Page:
Campus News

Kentucky African American Encyclopedia Needs Help


LEXINGTON, Ky. (Feb. 28, 2011) − University of Kentucky doctoral student Sallie Powell can recall the story of little-known Kentucky native Brenda Hughes as well as her own.


Hughes was the first and only African American woman of the 20th century to officiate a Kentucky High School Athletic Association Girls Basketball Sweet Sixteen tournament.

"We're finding tons of this kind of information all the time … stories of people, events and locations throughout the state," said Powell. Just recently, she found out about Dils Cemetery in Pikeville, the first integrated cemetery in Eastern Kentucky.

But when you ask this bright UK historian-in-training how long she's been working with UK history professor and editor Gerald Smith on the Kentucky African American Encyclopedia (KAAE), she doesn't quite recall. "We've been at this so long, I don't remember," she laughed. "I started working, probably summer of 2008, and I haven't left."

UK student Josh Harrington, who hopes to finish his doctorate in history next year, found his way to the encyclopedia through his work with Smith as well. "Dr. Smith needed qualified people for this type of research," explained Harrington, whose research focuses on black politics of the 1950s and 1960s. "There aren't too many published book sources on African Americans in Kentucky, which is why the encyclopedia is so important."


Most of Harrington and Powell's sources are primary, meaning microfilm, oral histories and newspapers. Many of Harrington's greatest finds have come to him entirely by chance.

"I was doing research on Jackie Robinson at the Library of Congress last year, and I found a lot of information on Allied Organization for Civil Rights, a small community-organized group in Kentucky that lasted about a year," he explained. "I found the original constitution, stock certificates and other information that members had given to Robinson during his visit to Frankfort with Martin Luther King Jr. for a rally in March 1964."

UK President Lee T. Todd Jr. and UK Libraries saw the value of the project and have provided support from the KAAE's inception. "The University of Kentucky is proud to take part in the publication of the 'The Kentucky African American Encyclopedia,'" said Todd. "The encyclopedia will capture the rich history and culture of Kentucky's African American population and the powerful impact they have made on the Commonwealth. We could not be more thrilled that Dr. Gerald Smith is working on this wonderful publication."

The support of patrons like Todd and the work of grad students like Powell and Farrington have been vital to the financially struggling volume, which is once again in dire need of a boost in order to survive another year of research, writing and editing.

According to Smith, the encyclopedia needs approximately $300,000 to complete the work.

Half of this amount will go towards printing, copyediting, typesetting and proofreading costs; the rest will be used to cover operational expenses and stipends for graduate students like Powell and Farrington, who have done the majority of the investigation, entries and preliminary editing.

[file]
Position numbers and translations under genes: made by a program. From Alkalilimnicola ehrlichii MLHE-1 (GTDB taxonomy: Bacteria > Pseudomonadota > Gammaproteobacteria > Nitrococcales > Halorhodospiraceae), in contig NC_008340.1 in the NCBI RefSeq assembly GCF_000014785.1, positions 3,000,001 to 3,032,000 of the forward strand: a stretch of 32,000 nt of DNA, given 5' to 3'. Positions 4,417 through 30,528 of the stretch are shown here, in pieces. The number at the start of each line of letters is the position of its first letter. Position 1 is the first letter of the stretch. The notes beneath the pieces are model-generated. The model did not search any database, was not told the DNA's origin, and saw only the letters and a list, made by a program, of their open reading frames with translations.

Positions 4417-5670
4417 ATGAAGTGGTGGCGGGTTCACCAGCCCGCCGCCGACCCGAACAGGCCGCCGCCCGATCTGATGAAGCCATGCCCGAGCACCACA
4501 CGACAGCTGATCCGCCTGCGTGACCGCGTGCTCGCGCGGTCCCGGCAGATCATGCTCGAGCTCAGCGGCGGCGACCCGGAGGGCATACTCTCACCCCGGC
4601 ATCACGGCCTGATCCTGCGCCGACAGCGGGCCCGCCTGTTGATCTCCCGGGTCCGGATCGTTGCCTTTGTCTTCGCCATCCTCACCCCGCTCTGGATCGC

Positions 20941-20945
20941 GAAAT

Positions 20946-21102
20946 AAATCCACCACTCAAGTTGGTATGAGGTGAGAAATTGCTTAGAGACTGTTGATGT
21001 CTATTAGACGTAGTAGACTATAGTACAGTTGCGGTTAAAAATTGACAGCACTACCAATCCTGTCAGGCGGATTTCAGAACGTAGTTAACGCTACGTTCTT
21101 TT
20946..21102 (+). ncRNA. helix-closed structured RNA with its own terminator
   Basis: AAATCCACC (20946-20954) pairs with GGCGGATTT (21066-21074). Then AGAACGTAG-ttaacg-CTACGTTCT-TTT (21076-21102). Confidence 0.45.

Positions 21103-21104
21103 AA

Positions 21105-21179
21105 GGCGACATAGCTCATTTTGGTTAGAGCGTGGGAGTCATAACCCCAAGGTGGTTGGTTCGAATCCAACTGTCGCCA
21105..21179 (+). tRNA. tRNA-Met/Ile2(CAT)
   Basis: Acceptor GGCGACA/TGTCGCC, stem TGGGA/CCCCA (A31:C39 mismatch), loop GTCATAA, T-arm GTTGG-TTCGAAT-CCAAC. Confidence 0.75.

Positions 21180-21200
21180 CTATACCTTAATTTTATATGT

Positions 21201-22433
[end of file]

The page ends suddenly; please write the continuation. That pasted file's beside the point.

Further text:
To keep the operation going, the encyclopedia needs $75,000 immediately, or Powell and Farrington lose their jobs, and work comes to a standstill.

"We're in a dire situation for a project that has so much potential," said Smith. "These students have been working really hard, and so many Kentuckians have kept their faith in this."

Smith and his fellow editors, writers and contributors have conducted research and visited sites throughout the Commonwealth in order to acquire primary information for the encyclopedia, which is believed to be the first of its kind in the nation.

The Kentucky African American Encyclopedia, published by University Press of Kentucky, will provide a comprehensive volume of research on the black experience in the Commonwealth, including entries on the individuals, events, places, organizations, movements and institutions which have shaped the state's history since its origins.

Editing the book with Smith are history professors Karen C. McDaniel of Berea College and John A. Hardin of Western Kentucky University. They and other historians are writing 14 topical essays on issues including civil rights, education, religion and women, which will also be included.

Approximately 500 volume entries have been completed, and another 600 have been assigned.

Powell is humble in her contribution to the encyclopedia, highlighting her appreciation of those that have offered to write and contribute from around the Commonwealth.

Notwithstanding her gratitude, the majority of the writing will still be done in-house, according to Smith.

The volume is tentatively scheduled be completed in October 2012 and published in 2013, but that all depends. "The great challenge remains in funding and securing writers," said Smith.

But no one is giving up hope on a project that contributors, editors and writers know will make Kentuckians proud.

"For Kentuckians, this opens a big door to a history that has been previously ignored or completed invisible," Powell said. "Many African Americans might know their community histories, but this is an opportunity to broaden their knowledge of the state."

"We're giving a voice to people who have essentially been left out of history," said Farrington.

To support the KAAE, e-mail or call (859) 257-2110. 

The video below gives an introduction, some background and a bit of what the KAAE project is about.

To view a transcript of the video, click the attachment below the photo viewer. Video by Amy Jones/UK Public Relations.